CHARLESTON, W.Va. - Inside and out, Kanawha County continues to work toward opening the doors for the new Edgewood area elementary school.
School board members approved the transfer of 13 teachers to positions at the new school, as well as the purchase of maintenance bonds for infrastructure during a special meeting Monday.
The surety bonds will cost a little more than $237,000 and pertain to sewer lines running to the new school, board attorney Jim Withrow said. After the school system builds the lines, ownership will be transferred to the City of Charleston.
"The city requires that we post a bond to provide any kind of maintenance costs on those lines for a period of a year," Withrow said.
Any time the city incorporates new infrastructure into its system, it requires such bonds, Withrow said.
A surety bond requires that one party (in this case, the school system) pay another (the city) if it fails to meet an obligation. In this case, that means if the school system fails to deliver effective sewer lines, it might have to pay.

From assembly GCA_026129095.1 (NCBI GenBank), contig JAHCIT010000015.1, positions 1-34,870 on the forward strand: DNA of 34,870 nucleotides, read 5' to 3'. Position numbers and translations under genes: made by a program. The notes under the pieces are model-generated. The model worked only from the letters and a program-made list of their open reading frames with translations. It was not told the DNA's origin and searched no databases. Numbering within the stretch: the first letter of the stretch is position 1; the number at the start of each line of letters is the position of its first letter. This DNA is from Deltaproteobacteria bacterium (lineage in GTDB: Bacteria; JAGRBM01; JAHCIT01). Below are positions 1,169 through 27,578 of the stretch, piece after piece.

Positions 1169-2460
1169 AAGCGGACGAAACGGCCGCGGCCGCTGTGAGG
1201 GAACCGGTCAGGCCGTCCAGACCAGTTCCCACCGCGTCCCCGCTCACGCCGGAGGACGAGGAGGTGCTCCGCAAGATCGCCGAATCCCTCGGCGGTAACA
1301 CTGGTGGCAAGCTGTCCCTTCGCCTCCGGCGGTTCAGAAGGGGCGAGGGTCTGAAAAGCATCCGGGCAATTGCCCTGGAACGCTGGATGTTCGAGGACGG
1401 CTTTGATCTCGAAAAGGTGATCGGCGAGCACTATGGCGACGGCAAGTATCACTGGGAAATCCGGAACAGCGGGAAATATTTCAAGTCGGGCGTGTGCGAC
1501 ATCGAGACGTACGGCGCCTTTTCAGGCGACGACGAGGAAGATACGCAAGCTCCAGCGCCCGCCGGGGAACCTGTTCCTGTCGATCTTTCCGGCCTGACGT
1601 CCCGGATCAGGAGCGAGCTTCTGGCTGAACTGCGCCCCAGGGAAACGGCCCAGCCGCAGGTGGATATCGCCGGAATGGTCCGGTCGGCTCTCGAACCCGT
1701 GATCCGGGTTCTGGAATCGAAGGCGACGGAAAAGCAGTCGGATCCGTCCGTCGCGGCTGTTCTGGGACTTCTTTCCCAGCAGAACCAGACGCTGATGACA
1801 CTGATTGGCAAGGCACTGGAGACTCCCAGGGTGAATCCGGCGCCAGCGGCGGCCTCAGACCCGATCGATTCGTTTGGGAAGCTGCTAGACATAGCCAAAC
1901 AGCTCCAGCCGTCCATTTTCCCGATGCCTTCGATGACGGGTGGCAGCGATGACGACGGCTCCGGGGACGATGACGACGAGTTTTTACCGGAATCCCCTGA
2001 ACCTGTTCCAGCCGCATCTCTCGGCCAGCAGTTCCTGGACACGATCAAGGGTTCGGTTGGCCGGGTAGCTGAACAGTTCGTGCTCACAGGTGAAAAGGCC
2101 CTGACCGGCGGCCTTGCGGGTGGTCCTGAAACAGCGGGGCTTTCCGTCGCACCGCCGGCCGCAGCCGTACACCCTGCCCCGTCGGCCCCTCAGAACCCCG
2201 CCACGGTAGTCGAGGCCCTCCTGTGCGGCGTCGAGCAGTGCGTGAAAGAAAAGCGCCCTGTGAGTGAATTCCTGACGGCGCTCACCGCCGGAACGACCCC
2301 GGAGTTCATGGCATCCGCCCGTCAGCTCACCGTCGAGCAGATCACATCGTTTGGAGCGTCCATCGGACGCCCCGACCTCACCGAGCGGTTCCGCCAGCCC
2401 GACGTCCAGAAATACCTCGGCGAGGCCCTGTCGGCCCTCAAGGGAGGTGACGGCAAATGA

Withrow didn't expect any maintenance would be required on brand new lines but thought the contractor or project insurers would probably be responsible if it was. He thought the money for the bonds was already built in to the roughly $21 million project cost.
Board member Bill Raglin continues to point at the cost of the project when discussing expectations for the school. He thinks a pilot project proposed for the new school and others on Charleston's West Side could help meet those expectations.
He wasn't happy to see administrators ask to hire 13 teachers for the new school. A recommendation of the pilot project was to forgo seniority in the attempt to find the best-qualified teachers for the positions, which are considered unique.
He questioned whether that goal could be accomplished if the school was hiring teachers before Gov. Earl Ray Tomblin addresses the proposed pilot.
"We are asking as a primary selling point of this proposal that we've sent through ... was to give us a lot of latitude in staffing," Raglin said. "If we're going to do that before the proposal has at least been given some thorough consideration, are we not pulling out one of the major justifications?"
This is the third group of teachers to be hired for the school, and the qualifications outlined in the pilot project recommendations have been used each time, said Jane Roberts, assistant superintendent for elementary schools.
Superintendent Ron Duerring agreed.